It's the thought experiment we all like to engage in. What would life be like without Microsoft Windows? To listen to the free open source software crowd, the demise of Windows -- and by extension, Microsoft's hegemony over the PC universe -- would signal a kind of rebirth for information technology. Software would finally be free of the corporate shackles that have stifled innovation and dragged down the best and brightest among us.

The withdrawal of the Redmond giant's steady hand would cause today's computing landscape to tear itself apart at the seams, with application and device compatibility and interoperability devolving into the kind of Wild West chaos unseen since the days of the DOS big three: Lotus, WordPerfect, and Ashton-Tate.

And don't believe that the Web will somehow mitigate the impact of Windows' demise. Although Google talks a good story about supplanting traditional compute models with a Web-centric paradigm, the truth is that the folks from Mountain View are no less sinister when it comes to grandiose plans for world domination. If anything, the rise of Google -- or any dominant cloud-computing player -- should be perceived as a potential threat to IT independence. As the saying goes, never put all your IT eggs into a single vendor's basket.
Client applications: Kiss consistency good-bye

The client application landscape will be almost unrecognizable in a post-Microsoft world. The depreciation of the legacy Windows API, coupled with the move to an entirely Web-based delivery model, will open the floodgates of innovation -- and create massive headaches for support personnel, who must now contend with the rich variety of UI designs and implementations that define the Web application experience.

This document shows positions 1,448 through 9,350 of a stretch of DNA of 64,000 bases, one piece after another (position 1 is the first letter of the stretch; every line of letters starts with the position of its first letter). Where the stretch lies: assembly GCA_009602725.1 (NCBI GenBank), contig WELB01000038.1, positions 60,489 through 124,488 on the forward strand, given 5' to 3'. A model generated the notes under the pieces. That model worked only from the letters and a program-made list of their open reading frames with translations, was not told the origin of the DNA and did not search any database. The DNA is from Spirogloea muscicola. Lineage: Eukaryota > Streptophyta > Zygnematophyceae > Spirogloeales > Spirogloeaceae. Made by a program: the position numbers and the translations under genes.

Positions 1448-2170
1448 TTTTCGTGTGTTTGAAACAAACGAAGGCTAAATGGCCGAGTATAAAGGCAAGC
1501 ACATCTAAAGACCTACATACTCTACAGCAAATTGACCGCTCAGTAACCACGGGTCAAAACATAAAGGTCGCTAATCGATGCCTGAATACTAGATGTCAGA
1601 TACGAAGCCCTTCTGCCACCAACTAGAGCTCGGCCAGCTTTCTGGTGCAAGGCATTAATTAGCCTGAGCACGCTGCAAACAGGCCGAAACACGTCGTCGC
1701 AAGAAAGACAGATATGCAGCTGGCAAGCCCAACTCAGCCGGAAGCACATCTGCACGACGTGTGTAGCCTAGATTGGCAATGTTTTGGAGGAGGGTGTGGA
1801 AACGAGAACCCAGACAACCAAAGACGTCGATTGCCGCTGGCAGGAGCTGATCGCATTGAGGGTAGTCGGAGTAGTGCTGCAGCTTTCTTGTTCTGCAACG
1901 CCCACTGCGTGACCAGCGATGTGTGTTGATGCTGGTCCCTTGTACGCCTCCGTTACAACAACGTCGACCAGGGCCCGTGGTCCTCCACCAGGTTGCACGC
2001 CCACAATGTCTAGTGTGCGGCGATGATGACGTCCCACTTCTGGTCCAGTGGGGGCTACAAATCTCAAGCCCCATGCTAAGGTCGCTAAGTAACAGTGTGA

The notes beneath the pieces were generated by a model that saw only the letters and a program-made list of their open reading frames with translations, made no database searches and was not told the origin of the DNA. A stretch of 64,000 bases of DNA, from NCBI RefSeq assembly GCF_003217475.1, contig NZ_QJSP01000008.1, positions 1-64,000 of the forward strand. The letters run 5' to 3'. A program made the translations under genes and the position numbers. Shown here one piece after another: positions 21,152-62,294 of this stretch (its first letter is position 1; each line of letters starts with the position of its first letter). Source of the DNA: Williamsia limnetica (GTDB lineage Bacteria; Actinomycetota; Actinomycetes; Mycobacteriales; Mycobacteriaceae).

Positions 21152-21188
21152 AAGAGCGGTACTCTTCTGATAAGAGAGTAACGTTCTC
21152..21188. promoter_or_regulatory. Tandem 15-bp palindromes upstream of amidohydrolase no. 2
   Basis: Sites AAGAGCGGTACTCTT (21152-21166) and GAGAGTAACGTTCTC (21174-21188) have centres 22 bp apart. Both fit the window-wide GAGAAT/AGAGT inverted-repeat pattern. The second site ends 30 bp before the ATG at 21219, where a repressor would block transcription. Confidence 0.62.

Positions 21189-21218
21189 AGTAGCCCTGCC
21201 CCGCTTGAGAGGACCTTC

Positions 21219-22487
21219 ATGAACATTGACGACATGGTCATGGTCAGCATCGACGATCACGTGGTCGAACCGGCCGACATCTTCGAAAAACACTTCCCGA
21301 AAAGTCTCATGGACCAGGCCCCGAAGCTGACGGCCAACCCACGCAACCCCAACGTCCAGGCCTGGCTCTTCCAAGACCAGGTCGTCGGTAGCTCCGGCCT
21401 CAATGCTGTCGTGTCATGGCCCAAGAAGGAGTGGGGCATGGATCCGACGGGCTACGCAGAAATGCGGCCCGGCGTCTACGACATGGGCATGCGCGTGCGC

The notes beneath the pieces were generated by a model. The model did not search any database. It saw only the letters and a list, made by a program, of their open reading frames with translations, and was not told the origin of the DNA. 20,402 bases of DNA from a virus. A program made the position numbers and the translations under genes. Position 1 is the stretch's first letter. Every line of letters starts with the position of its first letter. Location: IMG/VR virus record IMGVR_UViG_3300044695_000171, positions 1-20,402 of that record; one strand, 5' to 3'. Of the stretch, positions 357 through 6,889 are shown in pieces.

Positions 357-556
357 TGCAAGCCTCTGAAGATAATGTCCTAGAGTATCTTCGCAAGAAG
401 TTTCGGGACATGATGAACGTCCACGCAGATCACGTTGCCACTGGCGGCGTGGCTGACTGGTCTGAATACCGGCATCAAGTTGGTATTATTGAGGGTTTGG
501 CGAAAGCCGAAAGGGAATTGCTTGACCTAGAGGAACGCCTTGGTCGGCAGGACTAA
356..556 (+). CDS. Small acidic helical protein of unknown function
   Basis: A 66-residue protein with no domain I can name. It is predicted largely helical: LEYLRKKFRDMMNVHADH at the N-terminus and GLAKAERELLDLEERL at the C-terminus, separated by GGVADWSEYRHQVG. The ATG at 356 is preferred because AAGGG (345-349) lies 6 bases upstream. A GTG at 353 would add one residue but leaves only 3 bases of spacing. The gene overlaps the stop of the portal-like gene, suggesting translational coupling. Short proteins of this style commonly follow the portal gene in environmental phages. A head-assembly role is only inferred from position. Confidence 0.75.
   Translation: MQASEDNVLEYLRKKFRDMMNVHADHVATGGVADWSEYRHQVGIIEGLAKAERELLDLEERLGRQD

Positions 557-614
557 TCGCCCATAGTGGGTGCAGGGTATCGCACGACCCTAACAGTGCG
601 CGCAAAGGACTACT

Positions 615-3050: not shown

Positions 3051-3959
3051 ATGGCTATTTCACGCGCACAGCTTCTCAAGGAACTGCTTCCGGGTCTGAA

Developer tools: Bloody purges and API turf wars will shape the new standards

As with client applications, the developer tools landscape will be fundamentally altered by the inevitable decline of the Win32 API. Programmers will face a plethora of new and potentially critical design decisions, including how to create a workable UI in a world where the old Windows rules no longer apply. The potential for freedom of expression and true innovation will need to be balanced against the reality of having to test early and often to ensure that your latest idea for a revolutionary new interface paradigm still plays in Peoria.

Hardware ecosystem: Chaos until a new overlord rises

Perhaps the most powerful ripples of the post-Windows shockwave will be felt in the PC hardware and peripherals marketplace. The lack of a dominant OS target will cause the once homogenized device driver landscape to fracture, with vendors chasing after the popular platforms du jour while neglecting their legacy installed base. Plug and play will be replaced by "plug and pray" as frustrated customers struggle to match devices to their respective OS choices, while wondering if they'll regret their selections once the next tide of disruptive development rolls in.

Abandon all hope?

The picture painted here is indeed grim: Chaos. Confusion. A descent into the very ugliness that defined personal computing before Microsoft's ascendancy.

However, there may still be hope on the horizon. Google may prove to be a better steward of the post-Microsoft leadership mantle than predicted here (though its handling of the recent China debacle doesn't instill confidence). Perhaps Google will help to establish standards for the presentation of application content and data through Web-centric user interfaces. Even the move to a non-Windows-centric hardware ecosystem may prove less disruptive than imagined -- provided the current trend toward integrated, all-in-one devices (netbooks, tablet PCs) continues.

Maybe things will work out for the best. Or maybe -- and this is the scenario which is considered most likely -- Microsoft will continue to co-opt each emerging, paradigm-shifting technology and leverage its billion-strong Windows installed base to keep software and hardware vendor communities focused squarely on that shiny, four-colored logo. As a person who favors stability over chaotic, disruptive change, you should know which future you’re rooting for.